Cleaning your dog’s ears on a routine basis is very important, especially for the warm, moist climate of Florida, dogs that go swimming, and dogs with long, floppy ears. The frequency of this can vary from every two weeks to once every couple of months. It depends on your dog and the activities it participates in. Just remember, this is routine ear cleaning not associated with an ear infection. If you suspect your dog has an ear infection, Please call for an appointment for our doctors to examine your pet’s ears, as the care changes considerably for dogs with ear infections. In order to get started, you will need the proper supplies, a little knowledge, and sometimes a helper.
To clean your dog’s ears, you will first need to get an appropriate cleaning agent from us. Next you will need to get some soft gauze and or cotton balls. Please avoid using any Q-tips. If you feel you must use them, or prefer to use them, remember to not stick them where you can’t see…the ear drum can be punctured if you stick the Q-tip in too far. After collecting these items I would go outside or somewhere you won’t mind having ear cleaner flung when your dog shakes its head.
The next step is to figure out what kind of restraint your dog needs. Some dogs are fine with just you, others might need someone to help hold. If you begin to train your dog from puppyhood, it is often very easy and will only take one person. Older dogs can be trained to hold still, but will often require a helper. We find that having your dog stand or sit is the best way for routine ear cleaning. It is acceptable to have your dog lay on its side if that is more comfortable and works for you.
Finally you can clean your pup’s ears. Gently grab the tip of the ear and lift upward, put the tip of the bottle in the bottom of the ear where the ear canal (ear hole) begins, and give a good squirt of the cleaner in the ear. Then massage the base of the ear (where you squirted the cleaner) on the outside of the ear with your fingers. There should be a bunch of squishy noises and bubbly ear cleaner coming out of the ear canal. Then take your soft gauze or cotton balls and wipe out any dirt or wax. At this point your dog will most likely shake his head…allow it….it helps get everything out. Repeat on the other side, and your good to go. If you find you are getting a lot of dirt or wax out of the ear, it is okay to repeat. If the ear appears red, there is a foul odor, or lots of dark brown to black wax, your dog may have an ear infection. If you notice this, please call for an appointment as you will need special medication and cleaning instructions to eliminate the infection.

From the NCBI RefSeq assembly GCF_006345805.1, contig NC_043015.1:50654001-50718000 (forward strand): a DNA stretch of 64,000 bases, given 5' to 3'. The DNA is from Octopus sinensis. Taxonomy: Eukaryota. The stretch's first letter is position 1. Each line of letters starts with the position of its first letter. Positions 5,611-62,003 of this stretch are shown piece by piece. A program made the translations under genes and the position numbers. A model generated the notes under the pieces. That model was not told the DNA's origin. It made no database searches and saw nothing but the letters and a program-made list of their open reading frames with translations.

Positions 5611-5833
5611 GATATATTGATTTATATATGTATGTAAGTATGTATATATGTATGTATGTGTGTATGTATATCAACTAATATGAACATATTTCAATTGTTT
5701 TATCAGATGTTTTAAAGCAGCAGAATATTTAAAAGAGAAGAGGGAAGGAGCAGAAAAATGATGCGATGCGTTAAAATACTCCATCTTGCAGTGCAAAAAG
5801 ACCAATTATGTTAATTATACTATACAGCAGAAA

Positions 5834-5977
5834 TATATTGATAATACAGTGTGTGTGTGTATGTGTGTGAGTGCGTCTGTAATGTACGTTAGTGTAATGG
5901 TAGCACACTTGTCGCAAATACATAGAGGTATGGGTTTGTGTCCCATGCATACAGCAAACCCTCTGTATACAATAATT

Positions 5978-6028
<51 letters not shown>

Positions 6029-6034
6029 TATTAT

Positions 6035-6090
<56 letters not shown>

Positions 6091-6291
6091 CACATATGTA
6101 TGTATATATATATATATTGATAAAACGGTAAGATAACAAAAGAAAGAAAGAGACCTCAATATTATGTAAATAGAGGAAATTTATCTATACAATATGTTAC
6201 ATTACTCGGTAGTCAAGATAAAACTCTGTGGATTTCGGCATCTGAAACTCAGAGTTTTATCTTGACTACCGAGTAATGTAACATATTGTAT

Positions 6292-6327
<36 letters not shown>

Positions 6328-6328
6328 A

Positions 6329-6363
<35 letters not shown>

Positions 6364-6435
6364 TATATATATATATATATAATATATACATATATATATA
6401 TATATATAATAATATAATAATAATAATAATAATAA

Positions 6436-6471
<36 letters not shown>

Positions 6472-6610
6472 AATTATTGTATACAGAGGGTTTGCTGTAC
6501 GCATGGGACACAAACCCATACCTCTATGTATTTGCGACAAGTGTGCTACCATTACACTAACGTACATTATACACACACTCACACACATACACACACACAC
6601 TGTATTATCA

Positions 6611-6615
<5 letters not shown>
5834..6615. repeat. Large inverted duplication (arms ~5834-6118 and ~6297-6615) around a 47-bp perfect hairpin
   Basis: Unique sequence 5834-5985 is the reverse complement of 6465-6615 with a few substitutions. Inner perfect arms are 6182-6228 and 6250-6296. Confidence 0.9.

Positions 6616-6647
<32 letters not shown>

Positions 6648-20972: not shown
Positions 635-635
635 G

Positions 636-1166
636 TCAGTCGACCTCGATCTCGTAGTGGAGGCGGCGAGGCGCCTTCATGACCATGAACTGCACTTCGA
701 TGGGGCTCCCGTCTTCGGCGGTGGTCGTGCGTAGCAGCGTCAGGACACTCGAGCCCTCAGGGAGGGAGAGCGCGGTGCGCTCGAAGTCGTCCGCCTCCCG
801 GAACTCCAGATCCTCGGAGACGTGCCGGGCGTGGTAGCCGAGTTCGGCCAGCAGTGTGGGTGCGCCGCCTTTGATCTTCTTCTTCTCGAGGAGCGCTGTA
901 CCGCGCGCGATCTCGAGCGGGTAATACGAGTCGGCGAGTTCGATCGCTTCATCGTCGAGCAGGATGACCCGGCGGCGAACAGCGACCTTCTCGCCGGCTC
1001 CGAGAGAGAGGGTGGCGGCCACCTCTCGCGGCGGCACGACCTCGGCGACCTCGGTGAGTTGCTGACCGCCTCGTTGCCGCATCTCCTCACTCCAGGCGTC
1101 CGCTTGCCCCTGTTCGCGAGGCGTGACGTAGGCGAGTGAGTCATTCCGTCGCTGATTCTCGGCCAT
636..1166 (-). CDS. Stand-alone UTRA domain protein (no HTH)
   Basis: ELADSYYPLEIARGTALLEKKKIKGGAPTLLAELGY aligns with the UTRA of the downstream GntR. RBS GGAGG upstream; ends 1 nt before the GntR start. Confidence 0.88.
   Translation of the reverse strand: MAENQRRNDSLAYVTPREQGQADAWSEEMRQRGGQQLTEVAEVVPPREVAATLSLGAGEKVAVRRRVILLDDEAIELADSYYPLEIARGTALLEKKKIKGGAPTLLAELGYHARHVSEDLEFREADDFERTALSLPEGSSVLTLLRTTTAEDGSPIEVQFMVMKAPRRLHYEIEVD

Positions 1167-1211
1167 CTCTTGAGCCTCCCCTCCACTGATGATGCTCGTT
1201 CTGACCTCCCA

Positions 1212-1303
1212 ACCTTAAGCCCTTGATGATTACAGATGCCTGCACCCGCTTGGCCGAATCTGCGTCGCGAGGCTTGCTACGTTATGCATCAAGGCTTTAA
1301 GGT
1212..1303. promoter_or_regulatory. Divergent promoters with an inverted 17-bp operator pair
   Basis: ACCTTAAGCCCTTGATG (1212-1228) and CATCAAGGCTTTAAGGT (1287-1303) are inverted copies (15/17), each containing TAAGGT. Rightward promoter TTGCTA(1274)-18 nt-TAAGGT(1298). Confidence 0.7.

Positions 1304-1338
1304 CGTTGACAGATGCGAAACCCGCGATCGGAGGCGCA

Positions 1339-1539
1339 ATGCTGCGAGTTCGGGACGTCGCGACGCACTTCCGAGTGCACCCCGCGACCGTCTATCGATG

If signs of an infection are present, we will perform an ear cytology (microscopic exam of the ear canal contents) to determine the appropriate medication to use for treatment. It is very important that you never begin medicating the ear without an exam and ear cytology and that you use all medication until it is gone unless otherwise directed by our doctors. Failure to do so may result in antibiotic resistance and severe / permanent damage to your pet’s ear (s). For this reason, we will also explain to you the importance of a follow up exam and recheck of the ear cytology after 10-14 days of treatment with the medication to ensure that the infection has resolved completely before medication is discontinued. In some cases, infection is still present deep in the canal (where you cannot see) although the outside of the ear canal may look better and the pet may have stopped shaking/ scratching. The doctor may recommend refilling or changing the medication at that time, or considering further testing such as sending ear canal contents to the reference lab for culture to determine more specific treatment. In our experience, many ear infections will come back due to failure to completely resolve the infection or failure to identify the underlying cause. If your pet continues to get ear infections despite proper treatment, cleaning, and follow-up, there may be another underlying cause such as allergies and the doctor can discuss treatment recommendations with you during the exam.